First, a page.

Monday, October 2, was an emotional one for rock music fans, as the legendary musician Tom Petty passed away in a Santa Monica hospital after being found unconscious inside his home the night before. Outpourings of grief and respect have been plentiful, both from everyday fans and from those in the entertainment industry. In particular, Simpsons writer/producer and Petty superfan Mike Scully opened up about the rock star's cameo on the animated series' Season 14 episode "How I Spent My Strummer Vacation." In his words:
He was everything we wanted. He brought his guitar, he played for us. He clearly was having a great time doing it. That is him playing the guitar in the show. He just grabbed his guitar and asked us, 'You mean something like this?' and what he did was what we used in the show. He knew exactly what we were talking about. He got the joke right away. If you watch the closing credits of that episode, we have a snippet of him recording his lines and playing the guitar.
If there's anyone in the music industry who came across as less of a diva than Tom Petty, it would have to be somebody like "Weird" Al. (Fun fact: he famously covered the Stevie Nicks and Tom Petty duet "Stop Draggin My Heart Around.") So it should surprise no one that Petty showed up for his Simpsons recording session ready to deliver the goods, both musically and comedically.
Even fans that largely tuned out of The Simpsons after its Golden Era should remember "How I Spent My Strummer Vacation," which featured cameos from some of the biggest musicians of all time. Beyond Tom Petty, the episode also sported guest spots from Mick Jagger, Keith Richards, Elvis Costello, Lenny Kravitz and Brian Setzer. And as Mike Scully put it in his interview with EW, the original pitch was to get second-tier rock musicians as guests, but Jagger and Richards were eager and willing to take part in it to promote a Rolling Stones tour they were kicking off at the time. So it would have been silly to scoop up some one hit wonder-makers after getting those two behemoths, so Scully said he immediately thought about Petty as being the next person to call.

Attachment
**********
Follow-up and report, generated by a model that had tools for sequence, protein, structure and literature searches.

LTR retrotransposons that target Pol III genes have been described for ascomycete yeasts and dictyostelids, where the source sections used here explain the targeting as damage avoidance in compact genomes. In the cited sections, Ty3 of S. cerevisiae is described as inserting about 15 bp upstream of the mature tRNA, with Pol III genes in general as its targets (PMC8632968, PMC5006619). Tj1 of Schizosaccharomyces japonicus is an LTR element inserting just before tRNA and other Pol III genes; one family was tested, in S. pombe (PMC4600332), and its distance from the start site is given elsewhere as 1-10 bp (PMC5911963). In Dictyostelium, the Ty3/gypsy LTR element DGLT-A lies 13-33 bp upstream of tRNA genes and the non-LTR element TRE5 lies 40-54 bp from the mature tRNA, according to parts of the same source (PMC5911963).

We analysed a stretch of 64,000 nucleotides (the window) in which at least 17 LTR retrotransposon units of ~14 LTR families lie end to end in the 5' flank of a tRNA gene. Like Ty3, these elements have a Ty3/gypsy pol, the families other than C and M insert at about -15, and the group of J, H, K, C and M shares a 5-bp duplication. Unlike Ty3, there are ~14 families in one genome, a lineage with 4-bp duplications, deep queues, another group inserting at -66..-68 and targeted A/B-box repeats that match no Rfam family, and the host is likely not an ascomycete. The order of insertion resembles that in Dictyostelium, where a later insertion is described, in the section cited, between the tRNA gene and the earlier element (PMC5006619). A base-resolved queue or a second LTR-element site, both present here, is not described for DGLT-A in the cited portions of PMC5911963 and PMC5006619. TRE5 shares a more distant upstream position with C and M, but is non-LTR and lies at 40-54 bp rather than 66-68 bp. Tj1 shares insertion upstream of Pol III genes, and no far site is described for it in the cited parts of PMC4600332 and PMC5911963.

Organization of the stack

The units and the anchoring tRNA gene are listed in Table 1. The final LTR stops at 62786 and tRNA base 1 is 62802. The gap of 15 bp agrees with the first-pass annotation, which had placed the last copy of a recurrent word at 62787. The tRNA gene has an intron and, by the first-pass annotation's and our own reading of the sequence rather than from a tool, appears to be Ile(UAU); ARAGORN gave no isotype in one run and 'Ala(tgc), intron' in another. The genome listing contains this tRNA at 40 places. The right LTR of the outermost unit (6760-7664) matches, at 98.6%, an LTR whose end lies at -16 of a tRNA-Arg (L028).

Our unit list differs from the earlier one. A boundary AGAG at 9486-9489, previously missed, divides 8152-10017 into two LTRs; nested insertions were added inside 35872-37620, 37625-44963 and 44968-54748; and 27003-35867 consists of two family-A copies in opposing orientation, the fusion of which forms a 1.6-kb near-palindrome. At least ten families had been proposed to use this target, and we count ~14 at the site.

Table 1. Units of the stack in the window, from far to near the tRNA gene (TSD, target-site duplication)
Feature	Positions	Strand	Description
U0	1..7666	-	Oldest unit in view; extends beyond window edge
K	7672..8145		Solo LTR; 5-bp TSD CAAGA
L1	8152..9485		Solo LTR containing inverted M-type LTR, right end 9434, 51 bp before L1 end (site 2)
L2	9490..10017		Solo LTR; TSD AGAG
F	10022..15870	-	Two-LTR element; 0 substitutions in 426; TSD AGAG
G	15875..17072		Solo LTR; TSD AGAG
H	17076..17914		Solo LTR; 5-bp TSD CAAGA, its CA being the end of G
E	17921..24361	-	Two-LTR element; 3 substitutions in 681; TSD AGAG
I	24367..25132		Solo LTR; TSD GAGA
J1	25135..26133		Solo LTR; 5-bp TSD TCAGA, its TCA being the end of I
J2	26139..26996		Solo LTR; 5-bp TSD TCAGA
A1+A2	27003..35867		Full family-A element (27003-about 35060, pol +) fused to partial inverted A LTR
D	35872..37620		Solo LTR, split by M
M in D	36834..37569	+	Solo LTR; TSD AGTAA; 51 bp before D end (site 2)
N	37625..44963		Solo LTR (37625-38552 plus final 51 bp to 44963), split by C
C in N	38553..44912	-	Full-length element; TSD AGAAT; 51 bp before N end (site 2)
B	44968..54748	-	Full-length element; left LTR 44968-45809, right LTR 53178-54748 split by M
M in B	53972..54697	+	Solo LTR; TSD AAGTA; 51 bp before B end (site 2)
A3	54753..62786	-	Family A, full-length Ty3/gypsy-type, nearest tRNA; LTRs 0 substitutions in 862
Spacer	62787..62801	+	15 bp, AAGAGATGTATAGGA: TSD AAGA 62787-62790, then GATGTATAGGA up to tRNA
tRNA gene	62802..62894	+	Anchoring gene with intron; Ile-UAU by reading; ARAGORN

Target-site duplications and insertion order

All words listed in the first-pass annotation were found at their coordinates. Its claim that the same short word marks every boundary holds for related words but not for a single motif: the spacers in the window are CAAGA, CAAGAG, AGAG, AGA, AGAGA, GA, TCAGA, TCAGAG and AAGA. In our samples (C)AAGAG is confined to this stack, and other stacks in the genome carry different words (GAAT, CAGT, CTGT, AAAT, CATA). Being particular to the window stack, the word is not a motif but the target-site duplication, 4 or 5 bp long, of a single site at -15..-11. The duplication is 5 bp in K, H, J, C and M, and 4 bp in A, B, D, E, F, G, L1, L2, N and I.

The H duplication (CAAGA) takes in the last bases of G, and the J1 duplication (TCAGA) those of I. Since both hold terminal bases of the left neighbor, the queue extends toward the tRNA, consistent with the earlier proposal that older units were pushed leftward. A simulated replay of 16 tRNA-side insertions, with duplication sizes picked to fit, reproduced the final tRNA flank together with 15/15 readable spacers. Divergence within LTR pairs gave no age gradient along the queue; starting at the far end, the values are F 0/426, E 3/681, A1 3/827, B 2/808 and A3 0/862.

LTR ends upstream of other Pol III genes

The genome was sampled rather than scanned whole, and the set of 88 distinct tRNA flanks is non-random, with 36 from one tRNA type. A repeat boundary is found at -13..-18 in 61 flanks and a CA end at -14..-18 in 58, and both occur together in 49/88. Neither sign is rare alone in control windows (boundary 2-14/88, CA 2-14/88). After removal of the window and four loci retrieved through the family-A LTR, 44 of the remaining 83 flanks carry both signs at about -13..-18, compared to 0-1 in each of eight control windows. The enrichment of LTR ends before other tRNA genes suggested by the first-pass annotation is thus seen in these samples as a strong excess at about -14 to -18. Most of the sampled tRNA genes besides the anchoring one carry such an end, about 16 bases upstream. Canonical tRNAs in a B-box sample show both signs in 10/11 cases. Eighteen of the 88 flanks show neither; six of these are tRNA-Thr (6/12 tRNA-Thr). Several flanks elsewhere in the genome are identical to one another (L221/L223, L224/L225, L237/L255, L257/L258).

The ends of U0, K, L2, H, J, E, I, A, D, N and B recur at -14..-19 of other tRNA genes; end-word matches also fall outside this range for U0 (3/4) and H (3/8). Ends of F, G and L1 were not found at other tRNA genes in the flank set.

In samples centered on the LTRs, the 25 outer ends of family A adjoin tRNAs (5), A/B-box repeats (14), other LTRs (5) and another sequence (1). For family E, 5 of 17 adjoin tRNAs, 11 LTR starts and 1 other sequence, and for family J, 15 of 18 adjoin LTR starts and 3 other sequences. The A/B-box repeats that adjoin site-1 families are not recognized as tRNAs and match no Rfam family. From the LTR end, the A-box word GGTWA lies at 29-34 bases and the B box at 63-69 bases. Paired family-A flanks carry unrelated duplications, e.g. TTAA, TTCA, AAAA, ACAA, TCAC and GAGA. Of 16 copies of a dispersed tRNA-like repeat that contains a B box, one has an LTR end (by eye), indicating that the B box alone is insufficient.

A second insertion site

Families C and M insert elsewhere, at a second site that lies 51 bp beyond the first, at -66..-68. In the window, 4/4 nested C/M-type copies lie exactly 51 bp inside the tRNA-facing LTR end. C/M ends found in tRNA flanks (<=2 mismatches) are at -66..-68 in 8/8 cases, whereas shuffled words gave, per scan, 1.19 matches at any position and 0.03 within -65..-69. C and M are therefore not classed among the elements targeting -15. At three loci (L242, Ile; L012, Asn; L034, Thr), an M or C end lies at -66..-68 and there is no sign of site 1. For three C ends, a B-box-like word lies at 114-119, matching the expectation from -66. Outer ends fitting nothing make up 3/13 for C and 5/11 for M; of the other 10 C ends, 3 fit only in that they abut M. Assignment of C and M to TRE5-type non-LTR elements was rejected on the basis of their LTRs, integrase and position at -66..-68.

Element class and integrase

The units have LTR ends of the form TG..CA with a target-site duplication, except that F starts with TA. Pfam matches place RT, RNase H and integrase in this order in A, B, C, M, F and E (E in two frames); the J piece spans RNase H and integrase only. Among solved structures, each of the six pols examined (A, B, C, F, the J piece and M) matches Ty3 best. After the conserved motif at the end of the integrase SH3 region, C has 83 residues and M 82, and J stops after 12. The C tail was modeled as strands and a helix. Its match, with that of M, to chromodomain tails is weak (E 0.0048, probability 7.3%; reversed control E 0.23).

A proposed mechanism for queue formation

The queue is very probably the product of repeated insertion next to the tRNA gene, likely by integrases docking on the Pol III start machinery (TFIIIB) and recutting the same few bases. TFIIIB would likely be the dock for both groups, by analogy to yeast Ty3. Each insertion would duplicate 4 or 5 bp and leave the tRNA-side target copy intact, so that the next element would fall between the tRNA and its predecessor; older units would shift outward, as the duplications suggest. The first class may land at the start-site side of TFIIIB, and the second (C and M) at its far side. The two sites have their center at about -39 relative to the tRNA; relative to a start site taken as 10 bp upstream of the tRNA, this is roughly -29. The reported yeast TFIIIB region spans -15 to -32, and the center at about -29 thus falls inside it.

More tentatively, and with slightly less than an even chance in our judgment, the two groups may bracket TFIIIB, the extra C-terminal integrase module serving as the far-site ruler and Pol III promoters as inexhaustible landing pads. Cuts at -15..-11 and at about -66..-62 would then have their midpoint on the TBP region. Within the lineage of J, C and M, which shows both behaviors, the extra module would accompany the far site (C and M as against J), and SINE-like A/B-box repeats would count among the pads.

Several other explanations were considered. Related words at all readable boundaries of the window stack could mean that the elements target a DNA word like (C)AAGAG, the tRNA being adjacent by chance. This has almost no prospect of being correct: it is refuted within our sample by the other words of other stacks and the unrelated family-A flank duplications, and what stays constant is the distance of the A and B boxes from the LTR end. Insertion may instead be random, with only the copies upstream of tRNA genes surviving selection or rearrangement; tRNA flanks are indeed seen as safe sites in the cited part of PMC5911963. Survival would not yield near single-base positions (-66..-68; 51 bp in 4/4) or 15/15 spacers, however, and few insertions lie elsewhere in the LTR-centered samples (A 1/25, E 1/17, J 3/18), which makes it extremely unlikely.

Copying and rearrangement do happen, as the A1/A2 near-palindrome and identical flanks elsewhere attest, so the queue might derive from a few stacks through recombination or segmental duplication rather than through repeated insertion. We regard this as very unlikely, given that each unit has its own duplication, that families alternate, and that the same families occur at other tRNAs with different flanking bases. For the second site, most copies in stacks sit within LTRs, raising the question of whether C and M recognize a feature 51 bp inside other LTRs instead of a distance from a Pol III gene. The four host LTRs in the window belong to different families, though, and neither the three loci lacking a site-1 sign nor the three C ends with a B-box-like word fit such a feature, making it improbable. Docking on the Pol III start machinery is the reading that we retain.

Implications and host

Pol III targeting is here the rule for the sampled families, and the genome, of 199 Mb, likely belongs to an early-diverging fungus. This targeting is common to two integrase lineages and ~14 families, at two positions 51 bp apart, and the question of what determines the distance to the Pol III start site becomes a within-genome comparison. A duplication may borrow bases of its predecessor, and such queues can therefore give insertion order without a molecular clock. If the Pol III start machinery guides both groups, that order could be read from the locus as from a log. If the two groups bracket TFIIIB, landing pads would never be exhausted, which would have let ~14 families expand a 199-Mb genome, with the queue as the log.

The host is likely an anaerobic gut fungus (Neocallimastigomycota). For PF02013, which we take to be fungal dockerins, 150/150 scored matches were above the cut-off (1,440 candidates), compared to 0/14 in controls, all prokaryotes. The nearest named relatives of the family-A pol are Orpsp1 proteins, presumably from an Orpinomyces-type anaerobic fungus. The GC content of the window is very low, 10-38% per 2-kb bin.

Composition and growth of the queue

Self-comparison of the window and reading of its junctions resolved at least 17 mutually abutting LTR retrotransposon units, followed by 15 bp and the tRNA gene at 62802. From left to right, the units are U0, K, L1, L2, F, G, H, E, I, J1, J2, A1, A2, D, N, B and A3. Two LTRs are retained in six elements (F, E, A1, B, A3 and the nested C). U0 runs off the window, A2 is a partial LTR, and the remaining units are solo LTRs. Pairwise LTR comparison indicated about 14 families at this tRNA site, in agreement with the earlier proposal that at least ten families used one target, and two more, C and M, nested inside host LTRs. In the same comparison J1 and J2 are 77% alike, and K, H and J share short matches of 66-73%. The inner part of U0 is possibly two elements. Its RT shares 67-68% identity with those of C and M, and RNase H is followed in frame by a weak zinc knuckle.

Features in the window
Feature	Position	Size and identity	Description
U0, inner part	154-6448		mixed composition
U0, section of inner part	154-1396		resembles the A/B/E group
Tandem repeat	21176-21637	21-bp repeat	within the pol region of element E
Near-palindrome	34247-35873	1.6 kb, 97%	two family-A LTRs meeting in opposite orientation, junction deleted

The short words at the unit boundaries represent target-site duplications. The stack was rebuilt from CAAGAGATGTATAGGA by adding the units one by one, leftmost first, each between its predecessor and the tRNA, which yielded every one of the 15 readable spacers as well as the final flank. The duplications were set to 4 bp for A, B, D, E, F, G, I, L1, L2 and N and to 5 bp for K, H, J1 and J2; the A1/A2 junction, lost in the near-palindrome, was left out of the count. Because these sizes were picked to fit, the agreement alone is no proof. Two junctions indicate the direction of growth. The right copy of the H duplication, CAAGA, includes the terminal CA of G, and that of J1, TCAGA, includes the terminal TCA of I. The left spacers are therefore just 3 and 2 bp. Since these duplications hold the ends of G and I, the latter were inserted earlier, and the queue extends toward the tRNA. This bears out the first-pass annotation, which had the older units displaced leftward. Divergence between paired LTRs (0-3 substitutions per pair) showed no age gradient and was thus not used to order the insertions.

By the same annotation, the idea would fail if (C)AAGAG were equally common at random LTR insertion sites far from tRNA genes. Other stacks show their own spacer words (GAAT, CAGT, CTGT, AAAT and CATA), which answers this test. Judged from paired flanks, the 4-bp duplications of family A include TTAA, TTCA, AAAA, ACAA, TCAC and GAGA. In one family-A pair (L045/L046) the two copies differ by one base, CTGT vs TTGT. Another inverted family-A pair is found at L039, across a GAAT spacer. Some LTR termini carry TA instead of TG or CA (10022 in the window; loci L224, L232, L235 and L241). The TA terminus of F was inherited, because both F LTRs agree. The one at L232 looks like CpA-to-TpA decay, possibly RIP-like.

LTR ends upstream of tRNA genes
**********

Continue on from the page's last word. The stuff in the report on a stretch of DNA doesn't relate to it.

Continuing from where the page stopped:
Having seen Tom Petty's recurring appearances on It's Garry Shandling's Show in the late '80s, as well as other appearances he'd given over the years, Mike Scully knew that Petty would be a perfect fit for The Simpsons. Here's what else he had to say about it:
There were a few people I always wanted to have on the show, and he was one of them... It was so much fun to write his voice because I already knew it so well from all the years of seeing him play and hearing him do interviews and watching him on the Shandling show. He was just one of those guys who, on top of all the musical talent, was genuinely funny.
I don't think I'm alone in thanking all that is holy to Reverend Lovejoy that The Simpsons didn't unwittingly offer a prediction about Tom Petty's death at any point. That would have just been weird. But for something non-weird, you can check out the non-prescient clip from Petty's cameo below.